Blattabacterium is a genus of obligate mutualistic endosymbiont bacteria that are believed to inhabit all species of cockroach studied to date, with the exception of the genus Nocticola.[1] The genus' presence in the termite Mastotermes darwiniensis led to speculation, later confirmed, that termites and cockroaches are evolutionarily linked.[2][3] B. cuenoti was traditionally considered the only species in the genus Blattabacterium,[4] which is in turn the only genus in the family Blattabacteriaceae;[5] however, three new species have been described hosted by different species of cockroaches in the genus Cryptocercus: Blattabacterium relictus in Cryptocercus relictus, B. clevelandi in C. clevelandi and B. punctulatus in C. darwini, C. garciai, C. punctulatus and C. wrighti.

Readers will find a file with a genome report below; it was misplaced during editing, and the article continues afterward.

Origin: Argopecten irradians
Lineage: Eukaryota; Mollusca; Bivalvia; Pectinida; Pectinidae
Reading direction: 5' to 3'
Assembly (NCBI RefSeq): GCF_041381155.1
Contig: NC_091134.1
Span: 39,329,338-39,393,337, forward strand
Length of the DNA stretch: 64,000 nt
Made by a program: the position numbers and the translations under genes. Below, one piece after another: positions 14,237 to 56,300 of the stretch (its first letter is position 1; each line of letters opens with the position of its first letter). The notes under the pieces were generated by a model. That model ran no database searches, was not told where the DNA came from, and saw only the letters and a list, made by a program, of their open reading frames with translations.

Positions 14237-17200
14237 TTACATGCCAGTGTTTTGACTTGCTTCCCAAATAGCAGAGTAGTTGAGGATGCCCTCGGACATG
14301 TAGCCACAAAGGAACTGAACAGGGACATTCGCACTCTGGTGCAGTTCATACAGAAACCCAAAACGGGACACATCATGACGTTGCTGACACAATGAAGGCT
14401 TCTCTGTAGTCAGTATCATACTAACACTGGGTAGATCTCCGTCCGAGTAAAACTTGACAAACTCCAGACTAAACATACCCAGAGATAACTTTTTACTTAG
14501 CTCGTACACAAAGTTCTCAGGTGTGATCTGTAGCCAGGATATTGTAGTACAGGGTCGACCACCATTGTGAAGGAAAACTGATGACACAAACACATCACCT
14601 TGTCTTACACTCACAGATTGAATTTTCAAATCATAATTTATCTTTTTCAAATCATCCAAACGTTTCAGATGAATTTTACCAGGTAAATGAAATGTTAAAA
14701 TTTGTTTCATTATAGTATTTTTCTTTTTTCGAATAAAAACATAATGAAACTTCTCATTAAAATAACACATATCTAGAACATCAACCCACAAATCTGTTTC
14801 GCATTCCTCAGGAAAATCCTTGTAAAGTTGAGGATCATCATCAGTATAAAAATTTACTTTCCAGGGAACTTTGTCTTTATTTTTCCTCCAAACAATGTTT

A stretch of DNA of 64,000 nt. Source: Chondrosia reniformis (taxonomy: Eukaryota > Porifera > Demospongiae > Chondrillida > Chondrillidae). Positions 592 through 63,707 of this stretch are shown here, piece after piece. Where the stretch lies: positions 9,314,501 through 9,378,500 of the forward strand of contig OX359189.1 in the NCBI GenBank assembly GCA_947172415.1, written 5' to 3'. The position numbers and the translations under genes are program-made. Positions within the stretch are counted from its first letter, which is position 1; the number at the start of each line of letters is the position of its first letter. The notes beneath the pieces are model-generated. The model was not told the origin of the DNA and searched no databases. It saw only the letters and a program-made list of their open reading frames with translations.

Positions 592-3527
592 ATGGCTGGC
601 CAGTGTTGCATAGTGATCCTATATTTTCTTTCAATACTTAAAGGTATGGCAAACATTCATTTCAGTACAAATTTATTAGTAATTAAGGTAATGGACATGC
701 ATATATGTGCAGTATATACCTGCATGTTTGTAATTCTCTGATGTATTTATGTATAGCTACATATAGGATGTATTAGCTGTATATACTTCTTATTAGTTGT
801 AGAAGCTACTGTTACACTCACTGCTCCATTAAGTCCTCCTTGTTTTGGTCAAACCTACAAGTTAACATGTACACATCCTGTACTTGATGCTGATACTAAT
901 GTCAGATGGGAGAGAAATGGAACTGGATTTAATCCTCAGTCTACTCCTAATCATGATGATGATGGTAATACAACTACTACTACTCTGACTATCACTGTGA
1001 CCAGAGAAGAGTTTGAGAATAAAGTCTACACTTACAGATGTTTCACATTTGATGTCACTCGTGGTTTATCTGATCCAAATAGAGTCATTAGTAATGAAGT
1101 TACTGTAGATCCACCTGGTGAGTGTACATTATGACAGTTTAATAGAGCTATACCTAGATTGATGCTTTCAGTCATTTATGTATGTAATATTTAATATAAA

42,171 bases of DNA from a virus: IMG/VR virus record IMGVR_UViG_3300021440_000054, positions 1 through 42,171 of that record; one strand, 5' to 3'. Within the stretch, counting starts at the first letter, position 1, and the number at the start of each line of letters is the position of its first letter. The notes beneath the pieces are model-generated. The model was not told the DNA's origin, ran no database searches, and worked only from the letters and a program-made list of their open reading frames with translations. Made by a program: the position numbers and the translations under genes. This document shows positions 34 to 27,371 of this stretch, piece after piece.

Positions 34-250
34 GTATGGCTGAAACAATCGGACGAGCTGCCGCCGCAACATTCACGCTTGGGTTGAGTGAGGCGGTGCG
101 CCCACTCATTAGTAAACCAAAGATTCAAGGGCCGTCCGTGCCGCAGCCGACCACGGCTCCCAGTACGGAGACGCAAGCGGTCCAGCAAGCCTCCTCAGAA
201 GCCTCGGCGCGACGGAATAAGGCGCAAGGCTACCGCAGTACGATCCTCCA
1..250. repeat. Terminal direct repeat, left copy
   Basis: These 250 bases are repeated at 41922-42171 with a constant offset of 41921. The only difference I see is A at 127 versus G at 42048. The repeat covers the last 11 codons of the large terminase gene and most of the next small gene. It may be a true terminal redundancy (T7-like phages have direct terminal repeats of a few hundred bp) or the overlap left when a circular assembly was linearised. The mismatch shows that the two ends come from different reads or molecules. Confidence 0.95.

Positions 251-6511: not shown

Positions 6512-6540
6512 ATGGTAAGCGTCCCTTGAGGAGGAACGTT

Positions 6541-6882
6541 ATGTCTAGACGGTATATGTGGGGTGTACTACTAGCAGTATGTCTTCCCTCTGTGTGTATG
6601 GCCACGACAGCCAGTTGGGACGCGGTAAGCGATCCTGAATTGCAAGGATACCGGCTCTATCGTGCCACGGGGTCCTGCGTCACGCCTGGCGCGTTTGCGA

1. ^ Nathan Lo; Tiziana Beninati; Fred Stone; James Walker; Luciano Sacchi (2007). "Cockroaches that lack Blattabacterium endosymbionts: the phylogenetically divergent genus Nocticola". Biology Letters. 3 (3): 327–330. doi:10.1098/rsbl.2006.0614. PMC 2464682Freely accessible. PMID 17376757. 
  2. ^ Wendy Zuckerman, The roach's secret, New Scientist, 16 April 2011
  3. ^ Nathan Lo & Paul Eggleton, Termite Phylogenetics and Co-cladogenesis with Symbionts, Bignell, D., Roisin ,Y., & Lo, N., ed (2011), Biology of Termites: A Modern Synthesis: 27-50, doi:10.1007/978-90-481-3977-4-2
  4. ^ Jeffrey W. Clark & Srinivas Kambhampati (2003). "Phylogenetic analysis of Blattabacterium, endosymbiotic bacteria from the wood roach, Cryptocercus (Blattodea: Cryptocercidae), including a description of three new species". Molecular Phylogenetics and Evolution. 26 (1): 82–88. doi:10.1016/S1055-7903(02)00330-5. PMID 12470940. 
  5. ^ D. R. Boone; R. W. Castenholz, eds. (2001). Bergey's Manual of Systematic Bacteriology. Volume 1. The Archaea and the deeply branching and phototrophic Bacteria (2nd ed.). New York: Springer-Verlag. pp. 465–466. ISBN 978-0-387-98771-2. 

Further reading